Do take magnesium. Any variety ending in "-ate" (magnesium citrate, asparate, orotate, malate, etc.) will do, and I would lean toward capsules rather than hard compressed pills, which may be difficult to digest, esp. if you are having possible digestive issues. And no combination of magnesium with calcium -- it seems like a bonus to get two in one, but for reasons I don't know, it doesn't work well for many of us ... maybe the two minerals get in the way of each other during absorption in the gut.
I also read recently NOT to take magnesium at the same time as Vitamin D supplements, because the Vit D can interfere with absorption of the magnesium. I've started taking Vit D an hour after all the rest of my vits and supps.
A week or two of magnesium may start to show some improvement, if it's been an issue. It's made a huge difference for me. I wouldn't have thought I'd notice, but oh boy.
Hang in there, you're plowing ahead when I'm sure you really don't feel like doing so. Keep us posted -- !
I will find a good magnesium. I have been taking a combo of magnesium, Vitamin D and Calcium, but I will maybe start taking them the separately. Maybe that is why nothing is helping either. I am also really trying to watch my diet. I don't think my body is absorbing nutrients properly, either. I really don't think the colonoscopy will reveal anything, but should I go for it anyways?
Thanks for the encouragement. I want to feel better when we go to the beach in August.
If the doc thinks the colonoscopy is called for, then I'd do it, just to get it off the check list. There's a lot of that with Lyme, and with other ailments too ... just keep moving down the list, marking things off, till there's only one or two things left.
And if there's nothing wrong, then you're good to go for at least ten years till the next one is needed (for regular check ups in middle age and after.) The doc who performs the colonoscopy will likely do a written report of findings (or state that nothing was found). Get a copy of the final report from the doc's office, and keep it in your file for future reference in case a future doc wants to see the results.
I had one a few years ago, and while it's a drag to do the prep (the stuff you have to drink to be sure the gut is clean so the little camera gets a clear view), it's really not bad. It's not at all like having the stomach/intestinal flu, which is what I thought it might be like. The whole thing is just kind of boring, but when it comes to health-related stuff, boring is good!
About not taking the Vit D and magnesium at the same time, I didn't know that till recently -- you'd think they'd put it on the label. The mag is great stuff -- I've always been a good sleeper, but with the mag, it's like I go on a wonderful vacation far far away every night, and I wake up feeling very peaceful. Enjoy!
Your symptoms sound a lot like mine, which went away within a couple of weeks of being on a combination of antibiotics. Flagyl and reframpin did the trick for me. I never tested positive for Lyme or any of the known co-infection but doctors in the Hudson valley treat Lyme based on symptoms without bothering with the tests because the tests are so unreliable. I think I have bartonella in addition to Lyme and potentially babesia. I'm six months into treatment, still on the antibiotics, and now have very minor symptoms that dont affect the quality of my day. My doctor wants me to stay on the medication for another couple of months. He's been treating Lyme for 25 years so I'm trusting his experience. Also, I went off the flagyl a couple of months ago and my symptoms came back with a vengeance. This is a disease that teaches you patience. Wishing you a speedy path to finding treatment that works.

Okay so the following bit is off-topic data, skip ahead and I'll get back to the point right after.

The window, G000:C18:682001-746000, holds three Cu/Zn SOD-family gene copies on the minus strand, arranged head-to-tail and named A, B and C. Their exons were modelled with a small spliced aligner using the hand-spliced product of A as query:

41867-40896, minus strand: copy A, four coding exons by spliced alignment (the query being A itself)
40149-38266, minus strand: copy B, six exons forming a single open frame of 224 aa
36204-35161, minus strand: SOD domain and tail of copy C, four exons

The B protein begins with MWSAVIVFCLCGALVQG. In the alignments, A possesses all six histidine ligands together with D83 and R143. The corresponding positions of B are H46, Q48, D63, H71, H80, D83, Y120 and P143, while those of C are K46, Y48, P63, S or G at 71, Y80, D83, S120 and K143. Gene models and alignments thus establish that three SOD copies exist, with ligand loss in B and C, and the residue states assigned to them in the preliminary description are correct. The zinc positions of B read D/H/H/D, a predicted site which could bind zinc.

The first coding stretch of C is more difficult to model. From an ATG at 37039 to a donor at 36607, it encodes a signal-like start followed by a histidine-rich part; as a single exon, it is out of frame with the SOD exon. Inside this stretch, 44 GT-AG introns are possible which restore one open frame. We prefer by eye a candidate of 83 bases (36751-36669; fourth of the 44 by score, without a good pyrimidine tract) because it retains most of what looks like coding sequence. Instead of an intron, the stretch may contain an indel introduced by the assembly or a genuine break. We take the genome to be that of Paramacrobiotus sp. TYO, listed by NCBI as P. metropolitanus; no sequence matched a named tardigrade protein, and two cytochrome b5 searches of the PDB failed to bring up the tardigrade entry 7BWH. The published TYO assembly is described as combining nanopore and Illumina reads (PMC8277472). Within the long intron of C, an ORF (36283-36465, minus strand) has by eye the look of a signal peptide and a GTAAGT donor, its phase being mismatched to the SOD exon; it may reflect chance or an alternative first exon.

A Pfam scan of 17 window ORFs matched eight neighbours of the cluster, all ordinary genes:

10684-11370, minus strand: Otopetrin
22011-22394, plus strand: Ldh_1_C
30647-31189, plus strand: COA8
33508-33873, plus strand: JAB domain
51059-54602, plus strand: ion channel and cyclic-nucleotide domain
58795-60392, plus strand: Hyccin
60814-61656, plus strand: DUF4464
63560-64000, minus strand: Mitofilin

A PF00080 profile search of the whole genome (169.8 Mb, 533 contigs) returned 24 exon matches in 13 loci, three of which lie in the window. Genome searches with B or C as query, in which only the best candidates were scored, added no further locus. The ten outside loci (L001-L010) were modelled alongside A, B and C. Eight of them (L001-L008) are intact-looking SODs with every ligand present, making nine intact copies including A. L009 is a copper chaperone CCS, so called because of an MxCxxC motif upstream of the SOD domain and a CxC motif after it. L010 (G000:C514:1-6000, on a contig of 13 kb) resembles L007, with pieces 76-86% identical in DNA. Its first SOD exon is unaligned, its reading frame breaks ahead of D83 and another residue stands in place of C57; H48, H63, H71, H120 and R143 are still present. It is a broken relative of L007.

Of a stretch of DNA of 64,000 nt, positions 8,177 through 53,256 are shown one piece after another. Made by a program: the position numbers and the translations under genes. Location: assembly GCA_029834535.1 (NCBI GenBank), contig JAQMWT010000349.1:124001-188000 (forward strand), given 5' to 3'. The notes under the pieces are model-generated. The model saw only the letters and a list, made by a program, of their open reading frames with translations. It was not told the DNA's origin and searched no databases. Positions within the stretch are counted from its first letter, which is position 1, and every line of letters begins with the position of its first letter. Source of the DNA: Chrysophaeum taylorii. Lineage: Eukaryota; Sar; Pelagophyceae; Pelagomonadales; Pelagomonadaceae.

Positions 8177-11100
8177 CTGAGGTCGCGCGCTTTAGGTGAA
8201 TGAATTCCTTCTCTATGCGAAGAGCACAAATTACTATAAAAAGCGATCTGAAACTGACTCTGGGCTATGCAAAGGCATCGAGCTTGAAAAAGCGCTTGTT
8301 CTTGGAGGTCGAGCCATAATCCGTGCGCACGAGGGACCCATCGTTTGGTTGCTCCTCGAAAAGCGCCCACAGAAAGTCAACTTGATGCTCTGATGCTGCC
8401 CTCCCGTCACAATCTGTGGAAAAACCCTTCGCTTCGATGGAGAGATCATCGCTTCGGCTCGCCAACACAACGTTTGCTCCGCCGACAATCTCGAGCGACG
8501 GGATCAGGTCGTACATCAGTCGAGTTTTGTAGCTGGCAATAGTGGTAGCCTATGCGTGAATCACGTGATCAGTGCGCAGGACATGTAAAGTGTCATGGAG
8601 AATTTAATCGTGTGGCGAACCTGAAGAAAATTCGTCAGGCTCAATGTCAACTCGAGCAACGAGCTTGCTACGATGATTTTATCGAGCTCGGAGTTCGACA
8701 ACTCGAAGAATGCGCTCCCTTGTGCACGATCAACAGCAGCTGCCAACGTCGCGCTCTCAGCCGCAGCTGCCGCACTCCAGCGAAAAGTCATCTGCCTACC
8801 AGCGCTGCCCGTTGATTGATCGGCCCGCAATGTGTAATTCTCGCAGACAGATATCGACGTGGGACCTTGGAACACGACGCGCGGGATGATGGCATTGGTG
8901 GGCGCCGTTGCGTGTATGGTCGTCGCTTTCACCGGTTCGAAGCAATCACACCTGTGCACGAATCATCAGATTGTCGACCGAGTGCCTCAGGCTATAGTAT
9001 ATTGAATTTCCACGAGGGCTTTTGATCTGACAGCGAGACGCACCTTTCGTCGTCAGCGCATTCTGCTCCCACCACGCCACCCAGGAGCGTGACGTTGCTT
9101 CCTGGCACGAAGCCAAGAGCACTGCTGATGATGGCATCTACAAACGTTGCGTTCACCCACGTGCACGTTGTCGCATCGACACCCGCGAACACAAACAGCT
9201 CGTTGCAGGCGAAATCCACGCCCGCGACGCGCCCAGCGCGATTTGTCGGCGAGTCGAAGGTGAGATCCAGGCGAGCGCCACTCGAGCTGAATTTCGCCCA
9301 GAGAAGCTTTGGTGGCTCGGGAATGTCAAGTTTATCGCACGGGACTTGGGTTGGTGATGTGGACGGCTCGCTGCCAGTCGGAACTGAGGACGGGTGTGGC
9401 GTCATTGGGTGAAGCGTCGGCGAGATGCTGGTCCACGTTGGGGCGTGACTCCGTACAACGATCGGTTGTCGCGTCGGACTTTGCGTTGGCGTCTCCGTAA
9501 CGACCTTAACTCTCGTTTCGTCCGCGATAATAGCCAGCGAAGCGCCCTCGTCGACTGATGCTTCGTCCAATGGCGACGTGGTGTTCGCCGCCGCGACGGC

FWIW, I felt really good after my colonoscopy for about a week. The findings were minimal (small intestine lymphocytosis), but it was worth it... if anything, just for the realization of what a good colon cleanse can do for your health;). If I could manage to keep on some weight, I'd do another cleanse in a heartbeat! Just giving you some colonoscopy aftermath to look forward to:)
It's good to hear from someone who benefited by the use of Rifampin and Flagyl.
Especially since I've posted how awful those drugs were for me! But I hope I'd made it clear, in my posts, that many people don't have the terrible problems I had with them! Thank you.
You mentioned the Hudson Valley------ are you near Poughkeepsie? Or have you read the excellent series it's published in Lyme disease?
Too bad all newspapers don't publish something like that---- instead of the CDC pap.
I figured I would update. I had the MRI and the only thing that showed up was a normal ovarian cyst. I had to cancel the colonoscopy for now because I couldn't find someone to take me and we are getting ready for the beach this coming week. Things have been super crazy around here. After school starts I am going to start investigating more into the babesia. My jaw has been terrible lately, debating on going to the dentist to see if I have an infection or not. I had a terrible dizzy spell yesterday, but I think that came from my muscles in my neck and shoulders being tight. I will keep you updated.